IKEA to spend £1.5 billion on renewables

It was announced this week that IKEA, the world’s largest furniture retailer, is purchasing the 7.65MW Carrickeeny wind farm located in north-west Ireland.

The purchase is part of the company’s renewable energy program which is aiming to invest £1.5 billion in renewable energy developments by 2015. The program is part of a larger drive to ensure that all of the energy used in IKEA’s stores will be generated from renewable technologies by 2020.

The wind farm is due to be operational by early 2014 and it is at this point at which the purchase will be completed. Development is currently being handled by renewable energy company Mainstream Renewables. The electricity produced will be used to power IKEA’s stores in both Belfast and Dublin. The wind farm is expected to generate enough energy to power 5,500 homes annually.

IKEA currently operates and owns 137 turbines across the globe. Wind farms have already been purchased in the United Kingdom, Germany, France, Poland, Denmark and Sweden. Solar panel arrays have also been installed on the roofs of a number of their stores worldwide.

The ultimate aim of IKEA’s program is energy independence. Earlier this year the company’s Chief Sustainability Officer Steve Howard outlined the corporate strategy during an online seminar:

“”We have made a commitment to go 100% powered by renewable energy by 2020, but not just buying it off the grid or through green certificates; we said we will own our renewable energy. We have a subsidiary target of 70% by 2013, and are at a little over 34% today. Over the last couple of years we have installed over 300,000 solar panels on our stores and we have invested in wind farms; we now own 126 wind turbines in 5 countries. […] We have provisioned that by about 2025 we will invest about 1.5 billion pounds in renewables.”

The progress being made by the company can be seen in the fact that in 2011 it was reported that 12% of the energy being used in their stores came from renewable sources. The fact that a further 20% of their energy being generated from renewable technologies was achieved within 12 months indicates the seriousness with which IKEA is pursuing their target. It also gives an indication of the strides being made in the wind power industry more generally.

Joanna Yarrow, Head of Sustainability for IKEA UK and Ireland made the following comment at the announcement of the purchase:

“Our investments in renewable energy not only help to reduce carbon dioxide emissions from our operations in Ireland, but also, together with our energy efficiency efforts, help to control our electricity costs so we can pass any benefits to our customers by continuing to offer high quality home furnishings at low prices. Companies, individuals or governments – we all have responsibility to address the resource dilemma and commit to a more sustainable future.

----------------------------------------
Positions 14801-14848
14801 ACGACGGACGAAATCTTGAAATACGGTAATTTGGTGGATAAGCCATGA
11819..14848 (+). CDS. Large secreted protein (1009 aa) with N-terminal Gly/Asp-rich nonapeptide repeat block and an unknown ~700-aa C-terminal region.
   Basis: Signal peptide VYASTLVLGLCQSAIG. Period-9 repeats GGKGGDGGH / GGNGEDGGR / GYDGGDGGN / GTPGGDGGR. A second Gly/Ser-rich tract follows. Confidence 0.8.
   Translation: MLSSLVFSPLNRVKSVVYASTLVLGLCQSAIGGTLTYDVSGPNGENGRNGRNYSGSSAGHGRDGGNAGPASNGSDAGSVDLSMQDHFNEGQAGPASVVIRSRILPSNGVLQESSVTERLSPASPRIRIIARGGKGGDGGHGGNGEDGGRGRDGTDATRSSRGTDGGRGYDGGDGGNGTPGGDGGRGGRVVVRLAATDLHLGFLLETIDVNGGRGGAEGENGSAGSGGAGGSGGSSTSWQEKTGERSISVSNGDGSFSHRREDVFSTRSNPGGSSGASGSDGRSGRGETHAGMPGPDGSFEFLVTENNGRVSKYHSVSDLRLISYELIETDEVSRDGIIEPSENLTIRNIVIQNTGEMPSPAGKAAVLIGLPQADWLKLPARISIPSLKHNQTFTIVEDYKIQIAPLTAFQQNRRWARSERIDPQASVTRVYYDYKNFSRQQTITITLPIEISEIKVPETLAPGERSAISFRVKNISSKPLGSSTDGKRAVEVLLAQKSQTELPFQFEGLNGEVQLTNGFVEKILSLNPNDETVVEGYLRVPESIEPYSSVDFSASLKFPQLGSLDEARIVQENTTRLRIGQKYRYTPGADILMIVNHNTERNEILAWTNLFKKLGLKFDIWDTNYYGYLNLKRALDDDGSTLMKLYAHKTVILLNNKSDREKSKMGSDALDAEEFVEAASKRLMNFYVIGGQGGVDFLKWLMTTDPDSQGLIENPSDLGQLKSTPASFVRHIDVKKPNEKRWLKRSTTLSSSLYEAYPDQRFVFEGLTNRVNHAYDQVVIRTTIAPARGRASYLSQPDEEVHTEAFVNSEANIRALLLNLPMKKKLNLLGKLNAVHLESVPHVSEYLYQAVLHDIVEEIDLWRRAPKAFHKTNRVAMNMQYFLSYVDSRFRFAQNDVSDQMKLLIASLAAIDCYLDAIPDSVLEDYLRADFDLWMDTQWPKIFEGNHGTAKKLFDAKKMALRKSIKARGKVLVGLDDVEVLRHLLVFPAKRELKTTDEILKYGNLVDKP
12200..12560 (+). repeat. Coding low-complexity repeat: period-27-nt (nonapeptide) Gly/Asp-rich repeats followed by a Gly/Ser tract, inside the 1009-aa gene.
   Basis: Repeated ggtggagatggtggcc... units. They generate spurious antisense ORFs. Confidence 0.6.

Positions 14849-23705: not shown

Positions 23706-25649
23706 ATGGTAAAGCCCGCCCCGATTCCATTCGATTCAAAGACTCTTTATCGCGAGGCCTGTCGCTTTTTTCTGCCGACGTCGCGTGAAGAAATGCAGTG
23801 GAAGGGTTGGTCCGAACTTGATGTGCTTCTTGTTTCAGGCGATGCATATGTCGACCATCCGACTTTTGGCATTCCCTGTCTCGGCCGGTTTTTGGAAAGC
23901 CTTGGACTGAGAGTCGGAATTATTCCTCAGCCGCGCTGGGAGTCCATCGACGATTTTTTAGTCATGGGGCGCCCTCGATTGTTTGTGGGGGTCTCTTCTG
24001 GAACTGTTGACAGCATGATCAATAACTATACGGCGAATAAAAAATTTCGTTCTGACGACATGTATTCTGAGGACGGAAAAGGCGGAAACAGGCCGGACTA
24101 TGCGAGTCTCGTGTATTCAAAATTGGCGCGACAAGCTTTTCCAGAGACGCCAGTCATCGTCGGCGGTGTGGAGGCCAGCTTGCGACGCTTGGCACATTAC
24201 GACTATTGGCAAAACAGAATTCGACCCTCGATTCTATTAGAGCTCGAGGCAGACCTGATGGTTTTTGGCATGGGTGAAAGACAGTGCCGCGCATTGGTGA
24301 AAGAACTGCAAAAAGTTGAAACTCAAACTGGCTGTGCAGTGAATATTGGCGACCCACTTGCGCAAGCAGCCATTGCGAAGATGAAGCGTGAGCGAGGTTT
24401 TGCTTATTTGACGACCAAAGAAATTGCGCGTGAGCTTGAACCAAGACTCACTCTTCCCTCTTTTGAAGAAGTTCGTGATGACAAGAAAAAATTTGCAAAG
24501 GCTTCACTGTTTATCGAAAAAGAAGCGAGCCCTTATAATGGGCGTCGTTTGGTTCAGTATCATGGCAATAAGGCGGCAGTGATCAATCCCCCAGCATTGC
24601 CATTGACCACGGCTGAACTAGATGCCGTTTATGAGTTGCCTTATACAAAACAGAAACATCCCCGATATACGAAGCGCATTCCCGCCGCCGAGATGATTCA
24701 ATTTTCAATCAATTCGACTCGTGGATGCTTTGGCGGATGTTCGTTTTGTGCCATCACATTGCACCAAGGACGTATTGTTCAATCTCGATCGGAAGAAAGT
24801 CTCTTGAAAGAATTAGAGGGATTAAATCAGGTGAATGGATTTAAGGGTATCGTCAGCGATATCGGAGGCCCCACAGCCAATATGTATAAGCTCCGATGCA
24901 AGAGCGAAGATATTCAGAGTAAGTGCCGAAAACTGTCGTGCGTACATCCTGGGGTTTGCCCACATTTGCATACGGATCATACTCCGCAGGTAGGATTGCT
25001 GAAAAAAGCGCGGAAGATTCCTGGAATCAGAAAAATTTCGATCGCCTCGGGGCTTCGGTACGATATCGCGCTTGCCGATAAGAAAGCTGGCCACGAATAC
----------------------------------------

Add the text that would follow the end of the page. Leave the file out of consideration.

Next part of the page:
“Producing our own, affordable, renewable electricity gets us one step closer to becoming completely energy independent by 2020, while ensuring our commercial success.”

Of course, one of the major benefits of pursuing such a target for IKEA is that they are ensuring that they are insulated from rising fossil fuel prices; a point made by Mainstream Power’s Chief Executive Eddie O’Connor:

“We are being approached by a growing number of energy-intensive corporations in the retail, IT and mining sectors that want to invest in our large portfolio of wind and solar plant being developed across four continents. Owning wind and solar plant makes a lot of sense for them on a number of levels.

“As the cost of the fuel is free the more of it they have the more stability and certainty they have in relation to their energy costs in the long term. On top of that, the more forward-thinking corporations are investing in wind and solar energy as part of their sustainability strategy, and IKEA is a fantastic example of this.”

It should be pointed out that it is not just multi-national corporations such as IKEA which are ensuring that the rising cost of fuel fossil imports are not impacting upon business. Companies, across the UK, large and small, are investing in renewable energy developments to safeguard their businesses. Whether it be through the example given here, purchasing a large-scale wind farm, or investing in small and medium scale wind projects such as those developed by ourselves at Intelligent Land Investments (Renewable Energy). The opportunities presented by renewable energy are there to be seized.

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